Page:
• Meera Blair, (Operations)
  • Ryan Getz, (Creative)

Competitive Advantage

Ocean Protocol seems like the closest competitor in terms of features. Unification has the advantage of go-to-market speed due to being a protocol, not a blockchain. Unification also provides an SDK with extensive documentation to make onboarding much simpler and more feasible, and the advantage of giving End Users the control of where their data can go. Ocean Protocol’s beta is planned to be released Q4 2018.

Tokenomics and Token Utility

  • Data Consumers pay tokens to obtain data from Data Providers and get permissions from End Users.
  • Data Providers get another revenue stream by connecting their databases to the network.
  • End Users get paid and get control over their data.
  • Data Providers can also act as Data Consumers.
  • The token acts as a medium where different data has individual market values, to facilitate data exchange. Eg. it’s much harder to directly make a deal exchanging data from multiple entities than to value the data with a token on an exchange.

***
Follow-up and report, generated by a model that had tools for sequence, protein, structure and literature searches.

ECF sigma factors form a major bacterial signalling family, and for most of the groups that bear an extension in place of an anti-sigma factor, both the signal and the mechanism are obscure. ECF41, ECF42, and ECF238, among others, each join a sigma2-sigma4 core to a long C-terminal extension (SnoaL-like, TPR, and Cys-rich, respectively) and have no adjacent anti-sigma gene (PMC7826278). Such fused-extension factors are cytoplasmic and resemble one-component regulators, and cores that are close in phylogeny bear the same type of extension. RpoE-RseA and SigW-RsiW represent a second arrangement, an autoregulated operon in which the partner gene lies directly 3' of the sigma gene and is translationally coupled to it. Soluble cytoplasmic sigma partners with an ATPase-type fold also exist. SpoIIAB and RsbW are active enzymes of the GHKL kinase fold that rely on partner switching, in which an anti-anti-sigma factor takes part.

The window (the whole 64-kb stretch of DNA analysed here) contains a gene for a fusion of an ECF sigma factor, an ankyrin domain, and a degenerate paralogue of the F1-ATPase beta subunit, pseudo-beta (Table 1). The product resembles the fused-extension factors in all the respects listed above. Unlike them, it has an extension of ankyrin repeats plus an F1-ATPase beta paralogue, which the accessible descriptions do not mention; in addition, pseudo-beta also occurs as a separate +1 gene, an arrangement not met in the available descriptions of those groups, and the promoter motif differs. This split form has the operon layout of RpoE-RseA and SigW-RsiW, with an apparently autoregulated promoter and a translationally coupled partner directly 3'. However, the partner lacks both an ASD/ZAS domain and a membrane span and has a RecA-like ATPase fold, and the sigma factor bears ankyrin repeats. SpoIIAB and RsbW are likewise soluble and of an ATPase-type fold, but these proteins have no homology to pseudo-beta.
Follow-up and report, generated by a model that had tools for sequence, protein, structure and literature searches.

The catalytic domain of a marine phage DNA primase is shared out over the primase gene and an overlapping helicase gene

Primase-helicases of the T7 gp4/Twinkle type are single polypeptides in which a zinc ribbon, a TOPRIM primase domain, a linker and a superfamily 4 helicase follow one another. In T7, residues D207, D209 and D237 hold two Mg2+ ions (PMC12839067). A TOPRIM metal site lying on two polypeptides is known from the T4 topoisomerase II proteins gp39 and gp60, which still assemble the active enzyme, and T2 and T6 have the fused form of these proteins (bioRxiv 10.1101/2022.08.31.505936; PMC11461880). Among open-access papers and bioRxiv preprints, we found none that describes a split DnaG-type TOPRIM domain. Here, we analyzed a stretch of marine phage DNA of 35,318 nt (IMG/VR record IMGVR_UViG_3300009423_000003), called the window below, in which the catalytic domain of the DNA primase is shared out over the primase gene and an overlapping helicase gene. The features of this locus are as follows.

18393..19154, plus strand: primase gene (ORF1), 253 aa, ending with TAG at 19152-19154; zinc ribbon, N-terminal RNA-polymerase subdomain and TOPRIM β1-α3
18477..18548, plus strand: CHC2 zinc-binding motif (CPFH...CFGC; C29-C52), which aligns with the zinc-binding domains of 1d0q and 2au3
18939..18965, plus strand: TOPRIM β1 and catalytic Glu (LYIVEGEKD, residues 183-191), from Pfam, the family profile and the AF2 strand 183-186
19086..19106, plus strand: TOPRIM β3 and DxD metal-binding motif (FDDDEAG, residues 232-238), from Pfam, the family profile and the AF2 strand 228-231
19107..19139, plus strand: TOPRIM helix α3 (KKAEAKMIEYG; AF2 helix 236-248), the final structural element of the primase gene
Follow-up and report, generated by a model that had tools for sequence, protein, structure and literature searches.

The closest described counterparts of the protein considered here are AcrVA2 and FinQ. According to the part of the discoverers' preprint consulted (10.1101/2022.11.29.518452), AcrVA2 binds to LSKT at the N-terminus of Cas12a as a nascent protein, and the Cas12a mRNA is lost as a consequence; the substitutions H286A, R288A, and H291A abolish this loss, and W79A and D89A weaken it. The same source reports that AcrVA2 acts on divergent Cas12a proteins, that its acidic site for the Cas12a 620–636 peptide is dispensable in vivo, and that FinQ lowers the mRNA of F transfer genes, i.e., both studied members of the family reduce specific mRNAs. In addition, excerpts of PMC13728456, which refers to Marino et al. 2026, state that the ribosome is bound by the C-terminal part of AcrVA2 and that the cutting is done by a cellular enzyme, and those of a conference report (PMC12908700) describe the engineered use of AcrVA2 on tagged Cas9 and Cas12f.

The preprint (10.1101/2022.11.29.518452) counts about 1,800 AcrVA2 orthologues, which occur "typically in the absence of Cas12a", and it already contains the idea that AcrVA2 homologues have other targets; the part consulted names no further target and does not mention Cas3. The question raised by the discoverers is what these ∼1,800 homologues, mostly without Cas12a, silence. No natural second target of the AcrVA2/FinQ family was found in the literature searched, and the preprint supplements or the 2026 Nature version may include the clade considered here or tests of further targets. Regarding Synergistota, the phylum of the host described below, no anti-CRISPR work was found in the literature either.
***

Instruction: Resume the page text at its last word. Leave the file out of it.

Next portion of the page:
There are 4 major pieces to the project:

  1. Blockchain: The blockchain is a store of metadata, including user permissions, data schemas, Data Provider prices, UApp validity (in the “Mother” smart contract), and data provider connection data. Unification is not building a new blockchain — it’s a blockchain agnostic protocol so as long as the smart contracts can be ported, it should work.
  2. Haiku Server Node Software: Data Providers need to install this and deploy corresponding smart contracts to provide the connection between existing databases and the Unification network.
  3. Haiku Client Software: Data Consumers need to install this and deploy corresponding smart contracts to provide the connection between scripts and the Unification network.
  4. Babel App: End Users and Data Consumers use this app as a wallet, keystore, and frontend for the UApp store. It can also be used by Data Consumers to initiate data transfers, and End Users to modify permissions.

There are 7 repos, some public some private.